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Debouncer - The solution

One solution would be to add an R/C hardware filter, and use a Schmitt-trigger gate to feed the FPGA.
But there is a simpler solution.

FPGA filter

FPGAs are great at simple arithmetic. Let's use a counter in the FPGA to see how long the push-button is pushed or released. Only once the counter is maxed-out, we decide that the push-button has changed state.

PB is the push-button signal (active low in this example). It may contain glitches, and is asynchronous to any clock. So it is mostly unusable as it is.
We are going to synchronize PB to a clock (20MHz in this example) and then create three push-buttons outputs, glitch free, synchronous to the clock. Each output will be active high and indicate a different condition of the push-button (push-button state, just pushed, just released).

module PushButton_Debouncer(
    input clk,
    input PB,  // "PB" is the glitchy, asynchronous to clk, active low push-button signal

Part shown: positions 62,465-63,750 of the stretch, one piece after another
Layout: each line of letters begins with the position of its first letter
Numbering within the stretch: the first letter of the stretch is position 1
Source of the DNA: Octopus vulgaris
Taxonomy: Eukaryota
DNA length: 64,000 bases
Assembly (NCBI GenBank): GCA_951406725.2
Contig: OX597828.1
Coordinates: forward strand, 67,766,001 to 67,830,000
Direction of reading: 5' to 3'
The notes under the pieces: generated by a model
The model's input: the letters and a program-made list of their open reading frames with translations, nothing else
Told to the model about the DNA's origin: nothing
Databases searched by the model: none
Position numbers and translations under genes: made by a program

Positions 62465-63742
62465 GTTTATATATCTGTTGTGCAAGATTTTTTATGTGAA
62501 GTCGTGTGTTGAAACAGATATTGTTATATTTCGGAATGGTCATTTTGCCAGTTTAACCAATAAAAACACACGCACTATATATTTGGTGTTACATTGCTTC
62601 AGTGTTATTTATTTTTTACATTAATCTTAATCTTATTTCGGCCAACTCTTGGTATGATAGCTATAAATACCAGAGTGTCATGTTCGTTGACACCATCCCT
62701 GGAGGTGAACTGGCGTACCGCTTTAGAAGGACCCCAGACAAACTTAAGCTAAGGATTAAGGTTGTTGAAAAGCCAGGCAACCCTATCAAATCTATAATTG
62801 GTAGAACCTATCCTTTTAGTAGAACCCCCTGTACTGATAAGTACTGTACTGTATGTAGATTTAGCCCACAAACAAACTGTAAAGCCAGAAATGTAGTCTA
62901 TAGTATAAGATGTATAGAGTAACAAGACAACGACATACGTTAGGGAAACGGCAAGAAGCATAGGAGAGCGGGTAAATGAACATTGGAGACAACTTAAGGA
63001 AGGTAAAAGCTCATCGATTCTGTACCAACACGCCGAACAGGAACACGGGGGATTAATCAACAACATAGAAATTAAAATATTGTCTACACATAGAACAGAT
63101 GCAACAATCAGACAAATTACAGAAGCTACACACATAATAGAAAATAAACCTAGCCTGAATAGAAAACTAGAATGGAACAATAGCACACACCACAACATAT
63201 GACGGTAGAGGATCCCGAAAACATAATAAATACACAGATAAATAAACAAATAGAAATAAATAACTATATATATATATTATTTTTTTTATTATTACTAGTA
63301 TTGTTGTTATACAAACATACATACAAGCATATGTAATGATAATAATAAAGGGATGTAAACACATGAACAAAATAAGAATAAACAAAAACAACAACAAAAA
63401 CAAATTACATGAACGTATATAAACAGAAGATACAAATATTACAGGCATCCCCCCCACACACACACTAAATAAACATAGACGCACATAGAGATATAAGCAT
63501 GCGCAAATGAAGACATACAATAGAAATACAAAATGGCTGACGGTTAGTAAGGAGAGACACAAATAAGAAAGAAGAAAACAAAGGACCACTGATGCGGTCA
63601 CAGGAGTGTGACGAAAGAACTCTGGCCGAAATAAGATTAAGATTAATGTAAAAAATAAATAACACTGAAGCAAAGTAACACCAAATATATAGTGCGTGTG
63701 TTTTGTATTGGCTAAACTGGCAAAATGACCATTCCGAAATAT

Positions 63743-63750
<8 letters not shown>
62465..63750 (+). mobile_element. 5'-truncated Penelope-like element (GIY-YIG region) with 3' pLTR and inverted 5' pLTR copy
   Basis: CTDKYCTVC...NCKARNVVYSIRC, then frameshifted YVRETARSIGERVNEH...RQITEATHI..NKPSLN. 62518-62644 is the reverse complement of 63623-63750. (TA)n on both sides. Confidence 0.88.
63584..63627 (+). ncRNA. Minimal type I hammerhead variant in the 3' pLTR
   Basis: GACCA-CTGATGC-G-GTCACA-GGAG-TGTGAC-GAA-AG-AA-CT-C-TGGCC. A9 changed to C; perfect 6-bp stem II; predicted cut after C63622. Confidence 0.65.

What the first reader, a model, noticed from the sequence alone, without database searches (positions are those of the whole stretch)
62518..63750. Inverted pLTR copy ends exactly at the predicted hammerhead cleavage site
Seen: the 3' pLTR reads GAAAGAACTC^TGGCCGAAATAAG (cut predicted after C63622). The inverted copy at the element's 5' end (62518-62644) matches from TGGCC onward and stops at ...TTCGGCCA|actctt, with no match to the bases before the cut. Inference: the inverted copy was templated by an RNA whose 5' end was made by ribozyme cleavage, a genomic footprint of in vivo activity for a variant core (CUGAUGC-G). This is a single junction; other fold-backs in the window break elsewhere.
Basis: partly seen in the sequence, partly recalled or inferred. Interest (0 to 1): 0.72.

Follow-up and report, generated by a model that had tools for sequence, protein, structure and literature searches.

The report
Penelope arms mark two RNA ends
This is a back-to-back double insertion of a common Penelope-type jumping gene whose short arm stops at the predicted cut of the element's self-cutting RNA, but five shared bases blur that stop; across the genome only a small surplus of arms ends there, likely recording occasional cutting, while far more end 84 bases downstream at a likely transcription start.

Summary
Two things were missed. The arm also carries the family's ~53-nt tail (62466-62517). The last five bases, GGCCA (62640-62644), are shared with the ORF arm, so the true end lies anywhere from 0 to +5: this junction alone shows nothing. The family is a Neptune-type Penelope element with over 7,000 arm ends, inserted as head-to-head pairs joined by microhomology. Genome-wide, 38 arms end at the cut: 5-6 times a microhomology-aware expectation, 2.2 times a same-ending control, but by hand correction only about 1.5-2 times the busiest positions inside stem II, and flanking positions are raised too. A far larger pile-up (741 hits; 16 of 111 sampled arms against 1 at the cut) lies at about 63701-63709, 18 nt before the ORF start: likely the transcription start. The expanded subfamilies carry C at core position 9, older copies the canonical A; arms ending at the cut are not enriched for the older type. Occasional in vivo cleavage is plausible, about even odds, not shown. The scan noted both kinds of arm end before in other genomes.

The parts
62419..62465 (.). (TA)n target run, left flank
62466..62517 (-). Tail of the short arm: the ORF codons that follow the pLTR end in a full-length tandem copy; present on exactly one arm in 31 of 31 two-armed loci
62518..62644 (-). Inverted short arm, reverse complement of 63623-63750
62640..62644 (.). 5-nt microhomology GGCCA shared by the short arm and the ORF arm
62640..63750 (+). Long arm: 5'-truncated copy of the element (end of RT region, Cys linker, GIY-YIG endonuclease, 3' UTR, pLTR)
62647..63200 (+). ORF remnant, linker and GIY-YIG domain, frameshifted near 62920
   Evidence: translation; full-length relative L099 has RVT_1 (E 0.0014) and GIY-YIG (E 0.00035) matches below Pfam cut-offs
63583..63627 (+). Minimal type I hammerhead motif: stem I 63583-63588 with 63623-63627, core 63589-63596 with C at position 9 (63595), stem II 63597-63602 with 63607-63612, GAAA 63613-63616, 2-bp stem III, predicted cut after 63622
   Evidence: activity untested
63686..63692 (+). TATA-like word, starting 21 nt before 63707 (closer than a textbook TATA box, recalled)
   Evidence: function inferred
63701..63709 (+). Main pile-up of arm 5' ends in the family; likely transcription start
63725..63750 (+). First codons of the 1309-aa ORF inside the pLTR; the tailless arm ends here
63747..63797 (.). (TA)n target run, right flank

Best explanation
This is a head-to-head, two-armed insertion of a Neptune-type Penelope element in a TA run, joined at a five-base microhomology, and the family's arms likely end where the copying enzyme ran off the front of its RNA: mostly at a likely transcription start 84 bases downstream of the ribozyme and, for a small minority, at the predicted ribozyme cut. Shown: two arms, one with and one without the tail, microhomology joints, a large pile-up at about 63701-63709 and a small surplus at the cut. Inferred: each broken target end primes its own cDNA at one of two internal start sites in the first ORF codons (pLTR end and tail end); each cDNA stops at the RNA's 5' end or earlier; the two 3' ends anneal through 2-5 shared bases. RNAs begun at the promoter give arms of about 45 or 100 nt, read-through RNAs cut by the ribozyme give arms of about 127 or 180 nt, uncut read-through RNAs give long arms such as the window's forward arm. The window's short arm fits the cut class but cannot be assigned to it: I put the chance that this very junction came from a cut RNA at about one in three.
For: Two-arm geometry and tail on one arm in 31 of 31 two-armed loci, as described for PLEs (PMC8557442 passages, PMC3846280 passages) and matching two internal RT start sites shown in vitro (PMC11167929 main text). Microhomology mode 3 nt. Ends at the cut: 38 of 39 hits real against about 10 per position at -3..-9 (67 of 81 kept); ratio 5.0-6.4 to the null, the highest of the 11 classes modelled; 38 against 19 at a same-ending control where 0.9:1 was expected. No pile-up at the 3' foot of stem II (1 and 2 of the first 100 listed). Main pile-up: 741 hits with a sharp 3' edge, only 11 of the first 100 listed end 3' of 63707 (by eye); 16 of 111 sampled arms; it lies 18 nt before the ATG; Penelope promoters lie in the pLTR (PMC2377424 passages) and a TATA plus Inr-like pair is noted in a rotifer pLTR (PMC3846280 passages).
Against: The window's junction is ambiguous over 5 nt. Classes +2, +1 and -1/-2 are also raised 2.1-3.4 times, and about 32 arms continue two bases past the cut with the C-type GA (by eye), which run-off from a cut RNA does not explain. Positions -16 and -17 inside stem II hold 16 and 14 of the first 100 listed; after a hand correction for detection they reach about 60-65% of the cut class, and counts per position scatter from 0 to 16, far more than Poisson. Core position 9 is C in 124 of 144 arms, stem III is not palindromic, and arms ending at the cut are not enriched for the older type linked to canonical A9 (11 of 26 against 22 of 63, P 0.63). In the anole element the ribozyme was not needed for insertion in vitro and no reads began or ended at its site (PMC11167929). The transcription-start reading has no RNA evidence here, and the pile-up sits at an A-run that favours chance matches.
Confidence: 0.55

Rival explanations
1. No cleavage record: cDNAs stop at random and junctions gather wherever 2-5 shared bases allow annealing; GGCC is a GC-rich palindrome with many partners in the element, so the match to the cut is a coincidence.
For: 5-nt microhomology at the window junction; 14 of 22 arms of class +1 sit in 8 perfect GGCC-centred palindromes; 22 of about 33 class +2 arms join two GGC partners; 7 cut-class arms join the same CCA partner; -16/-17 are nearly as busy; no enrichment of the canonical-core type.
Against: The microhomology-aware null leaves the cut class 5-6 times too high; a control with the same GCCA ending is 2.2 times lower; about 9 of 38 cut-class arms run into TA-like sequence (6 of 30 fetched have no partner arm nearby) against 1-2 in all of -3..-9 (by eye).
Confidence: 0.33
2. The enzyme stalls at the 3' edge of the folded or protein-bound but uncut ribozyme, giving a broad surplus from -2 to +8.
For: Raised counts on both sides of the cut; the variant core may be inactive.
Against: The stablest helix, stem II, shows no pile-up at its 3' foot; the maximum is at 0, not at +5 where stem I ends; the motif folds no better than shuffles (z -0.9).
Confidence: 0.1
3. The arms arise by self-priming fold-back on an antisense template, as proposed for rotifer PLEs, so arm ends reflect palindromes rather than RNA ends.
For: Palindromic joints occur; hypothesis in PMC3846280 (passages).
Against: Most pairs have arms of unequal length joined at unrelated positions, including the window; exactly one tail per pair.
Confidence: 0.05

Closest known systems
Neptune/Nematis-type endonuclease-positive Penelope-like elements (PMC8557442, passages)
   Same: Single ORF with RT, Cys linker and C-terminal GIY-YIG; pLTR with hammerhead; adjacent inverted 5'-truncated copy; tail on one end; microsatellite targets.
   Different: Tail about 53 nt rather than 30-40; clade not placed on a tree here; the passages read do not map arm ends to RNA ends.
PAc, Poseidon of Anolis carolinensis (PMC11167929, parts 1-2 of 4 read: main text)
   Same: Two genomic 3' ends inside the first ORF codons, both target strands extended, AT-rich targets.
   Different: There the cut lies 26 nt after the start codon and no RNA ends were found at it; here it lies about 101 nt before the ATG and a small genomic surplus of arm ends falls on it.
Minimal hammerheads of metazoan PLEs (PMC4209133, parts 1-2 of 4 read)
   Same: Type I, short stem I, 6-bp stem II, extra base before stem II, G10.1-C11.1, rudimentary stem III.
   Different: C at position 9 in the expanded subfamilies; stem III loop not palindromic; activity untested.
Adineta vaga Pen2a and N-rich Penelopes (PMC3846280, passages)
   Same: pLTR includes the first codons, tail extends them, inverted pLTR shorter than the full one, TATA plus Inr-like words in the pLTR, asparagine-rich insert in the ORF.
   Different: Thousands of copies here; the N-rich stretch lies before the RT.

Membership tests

// from which we make three outputs, all synchronous to the clock
    output reg PB_state,  // 1 as long as the push-button is active (down)
    output PB_down,  // 1 for one clock cycle when the push-button goes down (i.e. just pushed)
    output PB_up   // 1 for one clock cycle when the push-button goes up (i.e. just released)
);

// First use two flip-flops to synchronize the PB signal the "clk" clock domain
reg PB_sync_0;  always @(posedge clk) PB_sync_0 <= ~PB;  // invert PB to make PB_sync_0 active high
reg PB_sync_1;  always @(posedge clk) PB_sync_1 <= PB_sync_0;

// Next declare a 16-bits counter
reg [15:0] PB_cnt;

// When the push-button is pushed or released, we increment the counter
// The counter has to be maxed out before we decide that the push-button state has changed

wire PB_idle = (PB_state==PB_sync_1);
wire PB_cnt_max = &PB_cnt;	// true when all bits of PB_cnt are 1's

always @(posedge clk)
if(PB_idle)
    PB_cnt <= 0;  // nothing's going on
else
begin
    PB_cnt <= PB_cnt + 16'd1;  // something's going on, increment the counter
    if(PB_cnt_max) PB_state <= ~PB_state;  // if the counter is maxed out, PB changed!
end

assign PB_down = ~PB_idle & PB_cnt_max & ~PB_state;
assign PB_up   = ~PB_idle & PB_cnt_max &  PB_state;
endmodule

We used a 16-bits counter. With a 20MHz system clock, it would take 3ms to max-out. From the user's perspective, 3ms is instantaneous. But the glitches are gone. Depending on how glitchy your push-button is and your system clock speed, you might need to adjust the counter width.

Your turn to experiment!